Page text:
Guinea recently experienced its most serious political, social and economic crisis since independence.
A series of flawed elections, the impunity of the elite in power, a weak and disorganised political class, and a non-functional administrative state culminated in a popular insurrection in January and February 2007.
The insurrection brought civil society into a key strategic position. And, along with government and other decision-makers, civil society continues to orient and monitor the fragile accords that suspended the strike and reassured the population that things would change.
The International Foundation for Election Systems (IFES) began its work with Guinean civil society over seven years ago. Insufficient dialogue and acute divisions within the country had undermined democratic processes. IFES therefore made an effort to consolidate the newly established National Council of Guinean Civil Society Organisations (CNOSCG), a coalition of civil society organisations (CSOs), which advocates for reforms, engaged citizenship, dialogue and national unity.
IFES has helped to strengthen civil society through programmes designed to enhance the capacity of the coalition and its member organisations:
- CSOs were trained to design and implement several national civic education campaigns: over a million Guineans received information on participatory democracy, the constitution, rights and responsibilities, and the electoral process.
- Women were encouraged to engage actively in the electoral process as voters and potential candidates.
- Guinean leaders from all parts of the country, sectors and from the grassroots level were included: trustworthy local contacts were made early on to ensure that the widest possible range of people was included in the process.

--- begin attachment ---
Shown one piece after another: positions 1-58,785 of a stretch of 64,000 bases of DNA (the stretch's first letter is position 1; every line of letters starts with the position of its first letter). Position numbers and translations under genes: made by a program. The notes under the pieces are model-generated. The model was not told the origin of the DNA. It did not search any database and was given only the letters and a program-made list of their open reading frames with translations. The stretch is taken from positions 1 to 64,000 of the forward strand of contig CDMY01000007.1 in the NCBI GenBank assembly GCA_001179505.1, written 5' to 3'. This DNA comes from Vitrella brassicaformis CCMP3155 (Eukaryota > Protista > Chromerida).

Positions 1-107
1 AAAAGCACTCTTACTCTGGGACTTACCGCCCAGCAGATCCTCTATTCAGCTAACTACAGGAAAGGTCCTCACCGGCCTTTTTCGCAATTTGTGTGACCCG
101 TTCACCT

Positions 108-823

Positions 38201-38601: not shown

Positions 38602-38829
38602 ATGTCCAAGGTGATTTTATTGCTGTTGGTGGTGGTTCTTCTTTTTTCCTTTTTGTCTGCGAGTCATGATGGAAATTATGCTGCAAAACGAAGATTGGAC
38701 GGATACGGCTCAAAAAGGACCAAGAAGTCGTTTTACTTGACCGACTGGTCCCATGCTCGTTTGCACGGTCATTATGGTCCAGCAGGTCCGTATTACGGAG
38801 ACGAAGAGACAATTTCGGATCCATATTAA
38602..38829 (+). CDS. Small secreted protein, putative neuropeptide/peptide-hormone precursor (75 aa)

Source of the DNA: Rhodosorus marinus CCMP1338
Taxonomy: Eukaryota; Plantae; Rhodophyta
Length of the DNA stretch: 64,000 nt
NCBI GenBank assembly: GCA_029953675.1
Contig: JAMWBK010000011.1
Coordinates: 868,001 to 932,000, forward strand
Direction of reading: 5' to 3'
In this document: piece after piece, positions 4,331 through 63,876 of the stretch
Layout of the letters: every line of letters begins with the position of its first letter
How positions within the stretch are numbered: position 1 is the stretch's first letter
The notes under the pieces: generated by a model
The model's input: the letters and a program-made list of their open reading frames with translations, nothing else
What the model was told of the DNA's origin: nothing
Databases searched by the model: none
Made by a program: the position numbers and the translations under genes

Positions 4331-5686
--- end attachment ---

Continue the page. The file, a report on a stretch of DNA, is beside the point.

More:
- Dialogue platforms, led by an all-Guinean steering committee, brought together all the stakeholders – civil society, political parties, government experts, opinion leaders, senior citizens and security forces – to discuss Guinea's problems, identify solutions and develop strategies that could improve democratic processes.
This process was a critical step towards addressing many of the structural barriers to good governance. Although the January-February 2007 uprisings happened soon after this, the process provided a multi-sectoral plan for carrying the country out of crisis. Guinean civil society gained credibility as a result, and became a source of hope for citizens.
Unfortunately, along with this new-found popularity, inner divisions and rivalries surfaced within the social movement. Thus the main stakeholders – union leaders and the CNOSCG – were unable to strategise and plan the next steps. IFES then facilitated a series of meetings, which helped the civil society to define precisely the changes needed and make some progress.
Ten months later, although the country's elite groups are still fighting one another, they regularly meet. IFES is leading a nationwide United Nations peacebuilding initiative, in which over 5,000 citizens at the grassroots level are meeting to voice their problems and aspirations, and identify potential and existing sources of conflict.
This could well contribute to peaceful and credible legislative elections, scheduled for late 2008.
International Foundation for Election Systems-Guinea